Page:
And yet there we were, less than a day later, raking through a woman’s life and accomplishments based solely on an incredible speech in an effort to determine her qualifications to run for a public office in which she’d expressed no interest.
Overwhelmingly burned by a far different television personality, many people in my social feeds reacted in thinly masked horror – Hello, people, have we learned nothing? You must be JOKING. New memes spawned. Friends I respect began grimly digging up videos from ten years ago, anxious to prove how unfit she is to even consider a run for the Presidency.
All of it essentially came down to, “Congratulations for winning the DeMille award, Oprah! Your speech was incredible. Oh, and we all discussed it and you’d suck as President. Love, America”
She shouldn’t run, people said. She’s not qualified, they said. She doesn’t have enough experience in politics, they said. Really she’d be no better than Trump, they said. There are tons of other women – including women of color! – who have more experience, who are far more qualified, and we should support THEM instead, they said.
They they they they said said said said.
Oprah Winfrey does not need me to stand up for her, a concept so absurdly obvious I can’t believe I’m typing it. And yet in the two days immediately following her speech I found myself mired in bizarre quasi-debates, repeatedly trying and failing to convey how deeply flawed it is for anyone to say 1) she shouldn’t run for President because 2) reasons when 3) SHE NEVER MENTIONED RUNNING.
How about IF she decides to run – and why she’d put herself in the midst of that hot mess after the first 24 hours after her speech alone, I have no idea – THEN we discuss her skills and experiences and merits and THEN we each individually vote for the candidate we feel is the best?
How about other, more qualified women and women of color can ALSO run – for this office and any office – if they meet the legal standard to run? It’s not a zero sum game. If Oprah runs other women can still run, which is the beauty of democracy.
How about if we’re truly serious about wanting more women to run for office – especially women of color – maybe we shouldn’t be so fast to shut down the very idea before the woman in question even expresses the most remote interest.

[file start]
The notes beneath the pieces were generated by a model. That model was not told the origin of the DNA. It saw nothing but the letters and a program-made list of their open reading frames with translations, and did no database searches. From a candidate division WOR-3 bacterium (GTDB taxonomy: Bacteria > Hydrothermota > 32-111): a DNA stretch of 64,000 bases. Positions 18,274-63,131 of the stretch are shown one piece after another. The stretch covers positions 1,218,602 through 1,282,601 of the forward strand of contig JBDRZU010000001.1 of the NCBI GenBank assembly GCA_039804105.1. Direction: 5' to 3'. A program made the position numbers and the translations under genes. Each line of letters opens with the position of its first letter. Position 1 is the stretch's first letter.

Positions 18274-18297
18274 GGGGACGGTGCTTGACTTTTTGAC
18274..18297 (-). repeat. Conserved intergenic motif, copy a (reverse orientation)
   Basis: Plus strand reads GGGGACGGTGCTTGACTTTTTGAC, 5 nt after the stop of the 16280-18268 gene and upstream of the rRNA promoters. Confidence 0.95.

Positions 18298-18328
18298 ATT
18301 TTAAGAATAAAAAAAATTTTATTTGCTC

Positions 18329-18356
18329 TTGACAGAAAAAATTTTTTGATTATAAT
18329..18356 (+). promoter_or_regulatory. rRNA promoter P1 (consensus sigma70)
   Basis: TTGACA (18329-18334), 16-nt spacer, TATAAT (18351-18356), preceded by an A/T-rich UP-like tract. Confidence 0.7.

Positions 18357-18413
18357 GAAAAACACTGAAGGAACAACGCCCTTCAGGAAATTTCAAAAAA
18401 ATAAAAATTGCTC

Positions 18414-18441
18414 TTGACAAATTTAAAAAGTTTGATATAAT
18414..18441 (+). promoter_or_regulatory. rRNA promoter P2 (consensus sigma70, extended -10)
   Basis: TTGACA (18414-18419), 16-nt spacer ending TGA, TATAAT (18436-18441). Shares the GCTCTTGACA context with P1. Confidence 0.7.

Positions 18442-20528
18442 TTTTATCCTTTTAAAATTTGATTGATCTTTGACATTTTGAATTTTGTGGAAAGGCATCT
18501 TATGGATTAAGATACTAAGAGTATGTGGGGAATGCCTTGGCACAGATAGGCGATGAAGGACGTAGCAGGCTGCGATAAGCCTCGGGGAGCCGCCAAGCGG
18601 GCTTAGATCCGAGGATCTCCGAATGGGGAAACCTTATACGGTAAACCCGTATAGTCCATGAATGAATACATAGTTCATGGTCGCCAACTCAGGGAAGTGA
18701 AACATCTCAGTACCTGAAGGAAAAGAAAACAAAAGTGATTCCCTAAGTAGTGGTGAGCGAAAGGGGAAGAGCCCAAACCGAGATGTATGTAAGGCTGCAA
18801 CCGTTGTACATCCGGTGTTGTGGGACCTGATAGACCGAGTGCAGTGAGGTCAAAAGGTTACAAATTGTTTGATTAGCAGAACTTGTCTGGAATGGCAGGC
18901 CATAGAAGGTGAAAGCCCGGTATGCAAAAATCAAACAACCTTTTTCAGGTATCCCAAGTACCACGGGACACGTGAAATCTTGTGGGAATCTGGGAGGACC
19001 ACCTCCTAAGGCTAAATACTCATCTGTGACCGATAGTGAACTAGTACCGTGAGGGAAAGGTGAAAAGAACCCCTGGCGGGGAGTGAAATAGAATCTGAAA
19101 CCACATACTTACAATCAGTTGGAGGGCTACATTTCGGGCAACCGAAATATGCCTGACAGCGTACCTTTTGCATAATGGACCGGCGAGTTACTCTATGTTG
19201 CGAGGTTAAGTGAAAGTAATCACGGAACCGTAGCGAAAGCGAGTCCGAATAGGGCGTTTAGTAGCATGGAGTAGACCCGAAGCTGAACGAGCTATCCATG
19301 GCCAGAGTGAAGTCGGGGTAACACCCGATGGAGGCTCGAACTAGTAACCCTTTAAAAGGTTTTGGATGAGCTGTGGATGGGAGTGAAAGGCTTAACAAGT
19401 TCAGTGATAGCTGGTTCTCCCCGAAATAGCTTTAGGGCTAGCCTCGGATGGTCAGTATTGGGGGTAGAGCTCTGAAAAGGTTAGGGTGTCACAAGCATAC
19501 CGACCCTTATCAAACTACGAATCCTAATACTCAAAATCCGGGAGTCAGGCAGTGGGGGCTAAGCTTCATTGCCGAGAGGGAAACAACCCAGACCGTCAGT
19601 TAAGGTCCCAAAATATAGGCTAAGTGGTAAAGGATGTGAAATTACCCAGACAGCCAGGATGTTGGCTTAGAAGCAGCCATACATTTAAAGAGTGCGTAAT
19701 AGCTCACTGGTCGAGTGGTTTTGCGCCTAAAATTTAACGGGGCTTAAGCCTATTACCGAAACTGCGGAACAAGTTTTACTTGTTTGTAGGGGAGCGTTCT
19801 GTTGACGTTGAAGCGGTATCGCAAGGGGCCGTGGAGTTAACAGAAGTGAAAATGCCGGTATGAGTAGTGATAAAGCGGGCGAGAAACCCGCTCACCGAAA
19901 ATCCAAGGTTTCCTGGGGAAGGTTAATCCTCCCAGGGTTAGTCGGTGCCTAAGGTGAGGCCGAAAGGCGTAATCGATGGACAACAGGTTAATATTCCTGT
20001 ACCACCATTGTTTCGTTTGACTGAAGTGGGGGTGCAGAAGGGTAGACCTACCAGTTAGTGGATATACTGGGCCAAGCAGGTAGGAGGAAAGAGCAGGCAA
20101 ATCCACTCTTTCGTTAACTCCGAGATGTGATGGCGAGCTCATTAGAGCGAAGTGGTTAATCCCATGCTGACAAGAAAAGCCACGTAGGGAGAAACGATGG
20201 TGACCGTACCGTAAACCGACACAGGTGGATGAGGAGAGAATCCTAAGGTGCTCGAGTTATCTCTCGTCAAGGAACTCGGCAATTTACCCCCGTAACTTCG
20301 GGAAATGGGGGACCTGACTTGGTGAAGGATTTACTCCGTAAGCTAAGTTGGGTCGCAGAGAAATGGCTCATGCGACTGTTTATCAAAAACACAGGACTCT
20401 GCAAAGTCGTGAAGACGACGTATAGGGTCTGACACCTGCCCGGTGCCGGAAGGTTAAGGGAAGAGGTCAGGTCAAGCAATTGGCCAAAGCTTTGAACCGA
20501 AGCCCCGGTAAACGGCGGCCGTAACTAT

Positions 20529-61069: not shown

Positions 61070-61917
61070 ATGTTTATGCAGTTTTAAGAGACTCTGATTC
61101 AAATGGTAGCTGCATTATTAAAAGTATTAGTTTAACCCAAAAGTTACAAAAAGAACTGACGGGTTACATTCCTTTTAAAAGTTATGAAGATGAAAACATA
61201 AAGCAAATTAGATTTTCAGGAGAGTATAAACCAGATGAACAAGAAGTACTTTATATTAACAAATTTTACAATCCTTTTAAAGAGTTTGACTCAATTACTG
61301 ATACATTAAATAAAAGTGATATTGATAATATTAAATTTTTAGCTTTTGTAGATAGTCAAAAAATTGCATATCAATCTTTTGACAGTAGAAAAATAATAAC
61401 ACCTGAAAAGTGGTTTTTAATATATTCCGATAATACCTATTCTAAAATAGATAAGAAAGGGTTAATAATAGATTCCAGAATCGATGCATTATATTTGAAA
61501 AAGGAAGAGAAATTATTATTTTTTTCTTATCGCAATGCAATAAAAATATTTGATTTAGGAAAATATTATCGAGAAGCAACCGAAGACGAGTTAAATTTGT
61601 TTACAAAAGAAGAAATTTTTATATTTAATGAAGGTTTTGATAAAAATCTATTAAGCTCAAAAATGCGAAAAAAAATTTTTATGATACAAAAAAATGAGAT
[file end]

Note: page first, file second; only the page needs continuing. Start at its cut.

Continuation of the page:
As I said, I listened to Oprah’s speech three times in a row, and each time it moved me to tears. The message – that we can work together to make sure no one ever has another “me too” story – is stunning in its simplicity and optimism.
And yet much of that message was lost in the unwarranted discussions over her fit for an office in which she – at the time of this writing – has expressed zero interest.
I keep thinking about the little girls – little girls like she was, once upon a time, sitting on a linoleum floor. In my mind, I see their faces light up as they listen. I see their faces fall as the aftermath unfolds. Will this inspire them to run for office? Will this scare them away? Will they be more or less likely to even want to speak truth to power so eloquently now knowing that there is a new risk – that of having your life scrutinized based on the merest whisper of a rumor of political aspirations?
Will that be the outcome of this magnificent speech urging girls and women and men to speak up and speak out to overcome injustice? Silencing them, instead?
Here’s what we can do: we can give Oprah this moment. We can celebrate her accomplishments. We can honor the wisdom of her words.
We can give our country this moment, a moment to do something right. A moment to do something that needs to be done, and that’s needed to be done for a long, long time.
Go back to the beginning of this piece. For the first time in a long time, forget the politics. Listen to Oprah’s speech. Read the transcript. Share it. Be inspired. Speak up. Speak out. Work together. Hope.
And don’t stop until nobody ever has to say “me too” again.